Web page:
Live exports on again
LIVE sheep exports resumed this week after a break of more than two months, bringing fresh criticism from animal welfare campaigners.
Between 2000-3000 lambs are understood to have left Dover for Dunkirk early on Monday evening, despite protests outside the port. A spokesman for Dover Harbour Board said it was the first time the ship, the Cap Afrique, had been into Dover and two more sailings were planned on Wednesday and Friday this week.
As farmers weekly went to press it was uncertain whether the Wednesday sailing would go ahead. Reports from markets suggest there are still not enough finished lambs to fill the ship chartered by exporters.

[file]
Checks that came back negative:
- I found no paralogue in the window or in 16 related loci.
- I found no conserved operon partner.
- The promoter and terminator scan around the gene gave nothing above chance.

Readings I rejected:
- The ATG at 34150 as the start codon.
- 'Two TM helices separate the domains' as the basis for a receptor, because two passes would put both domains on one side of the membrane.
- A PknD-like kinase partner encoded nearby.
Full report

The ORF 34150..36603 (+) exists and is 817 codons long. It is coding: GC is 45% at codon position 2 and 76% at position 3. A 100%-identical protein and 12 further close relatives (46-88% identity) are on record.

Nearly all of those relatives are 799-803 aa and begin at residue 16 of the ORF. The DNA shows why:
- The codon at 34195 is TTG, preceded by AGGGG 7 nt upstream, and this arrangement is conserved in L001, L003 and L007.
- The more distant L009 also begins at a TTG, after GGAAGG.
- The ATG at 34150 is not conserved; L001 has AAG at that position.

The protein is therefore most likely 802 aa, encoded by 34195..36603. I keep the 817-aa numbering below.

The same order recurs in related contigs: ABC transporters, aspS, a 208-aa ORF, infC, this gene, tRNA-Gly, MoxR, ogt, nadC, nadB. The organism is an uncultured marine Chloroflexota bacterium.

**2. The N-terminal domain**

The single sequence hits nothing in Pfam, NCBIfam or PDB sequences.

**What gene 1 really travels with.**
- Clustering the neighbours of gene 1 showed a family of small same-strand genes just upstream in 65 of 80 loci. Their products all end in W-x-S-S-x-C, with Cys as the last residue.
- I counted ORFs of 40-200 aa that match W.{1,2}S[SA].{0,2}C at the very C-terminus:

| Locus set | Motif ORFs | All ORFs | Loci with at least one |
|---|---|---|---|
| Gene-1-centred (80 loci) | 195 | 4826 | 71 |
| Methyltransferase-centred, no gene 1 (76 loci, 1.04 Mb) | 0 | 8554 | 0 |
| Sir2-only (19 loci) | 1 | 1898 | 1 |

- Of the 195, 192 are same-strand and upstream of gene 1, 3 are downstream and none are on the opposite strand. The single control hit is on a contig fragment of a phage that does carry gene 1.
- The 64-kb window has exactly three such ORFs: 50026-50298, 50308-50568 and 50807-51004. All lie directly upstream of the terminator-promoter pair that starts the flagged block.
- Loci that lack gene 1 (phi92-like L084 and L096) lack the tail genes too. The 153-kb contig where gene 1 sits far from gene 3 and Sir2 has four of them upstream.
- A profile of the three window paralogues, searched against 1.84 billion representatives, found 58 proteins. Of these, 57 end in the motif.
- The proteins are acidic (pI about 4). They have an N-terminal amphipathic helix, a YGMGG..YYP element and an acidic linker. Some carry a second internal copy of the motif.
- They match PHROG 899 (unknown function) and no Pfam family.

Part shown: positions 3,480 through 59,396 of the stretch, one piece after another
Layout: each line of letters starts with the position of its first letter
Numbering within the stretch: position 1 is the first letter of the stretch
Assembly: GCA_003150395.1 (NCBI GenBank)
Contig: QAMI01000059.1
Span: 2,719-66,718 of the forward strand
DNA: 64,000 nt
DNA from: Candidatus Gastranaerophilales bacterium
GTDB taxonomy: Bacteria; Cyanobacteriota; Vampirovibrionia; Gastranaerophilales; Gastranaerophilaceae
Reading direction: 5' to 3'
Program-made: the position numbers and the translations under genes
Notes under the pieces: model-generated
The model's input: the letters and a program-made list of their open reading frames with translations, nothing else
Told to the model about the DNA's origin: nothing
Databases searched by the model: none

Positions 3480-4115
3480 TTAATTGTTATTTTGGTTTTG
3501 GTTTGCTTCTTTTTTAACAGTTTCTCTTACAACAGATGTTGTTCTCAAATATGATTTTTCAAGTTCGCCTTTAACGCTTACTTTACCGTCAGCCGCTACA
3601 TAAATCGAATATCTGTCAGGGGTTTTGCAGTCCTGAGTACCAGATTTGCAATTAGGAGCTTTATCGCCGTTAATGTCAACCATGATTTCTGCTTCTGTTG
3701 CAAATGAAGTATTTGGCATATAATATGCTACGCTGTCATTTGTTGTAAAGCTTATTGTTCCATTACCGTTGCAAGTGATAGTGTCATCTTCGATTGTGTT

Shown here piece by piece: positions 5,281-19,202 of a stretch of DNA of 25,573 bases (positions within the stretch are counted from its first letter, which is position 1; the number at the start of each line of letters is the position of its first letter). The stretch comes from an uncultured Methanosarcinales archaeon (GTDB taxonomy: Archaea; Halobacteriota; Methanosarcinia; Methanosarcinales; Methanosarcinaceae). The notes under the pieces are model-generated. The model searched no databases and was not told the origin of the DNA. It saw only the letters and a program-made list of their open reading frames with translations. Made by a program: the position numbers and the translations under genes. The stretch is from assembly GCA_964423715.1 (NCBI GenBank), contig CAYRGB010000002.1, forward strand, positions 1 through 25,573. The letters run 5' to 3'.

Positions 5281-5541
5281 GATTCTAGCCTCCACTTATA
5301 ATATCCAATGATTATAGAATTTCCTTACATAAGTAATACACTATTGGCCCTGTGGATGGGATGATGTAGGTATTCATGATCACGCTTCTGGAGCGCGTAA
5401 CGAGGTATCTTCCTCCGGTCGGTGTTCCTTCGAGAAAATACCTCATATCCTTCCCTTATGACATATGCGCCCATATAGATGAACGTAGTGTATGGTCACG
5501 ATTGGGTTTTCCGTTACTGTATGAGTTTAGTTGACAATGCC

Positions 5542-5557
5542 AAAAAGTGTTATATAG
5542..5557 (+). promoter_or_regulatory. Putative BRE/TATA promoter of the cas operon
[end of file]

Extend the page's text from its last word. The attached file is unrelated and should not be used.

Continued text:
Peter Stevenson, Compassion in World Farmings political and legal director, said he was appalled that Britains sheep farmers had decided to start exporting live lambs again.
"They have no economic need to do so as people turn from beef to lamb the price of lamb (at markets) has shot up and is now 28% higher than at this time last year."
Mr Stevenson also condemned any move to resume calf exports. He claimed it was not necessary to send young calves to continental veal crates, or to send them for slaughter under the governments scheme. Instead, he suggested they should be reared to provide lower quality beef no longer supplied from cull cows. *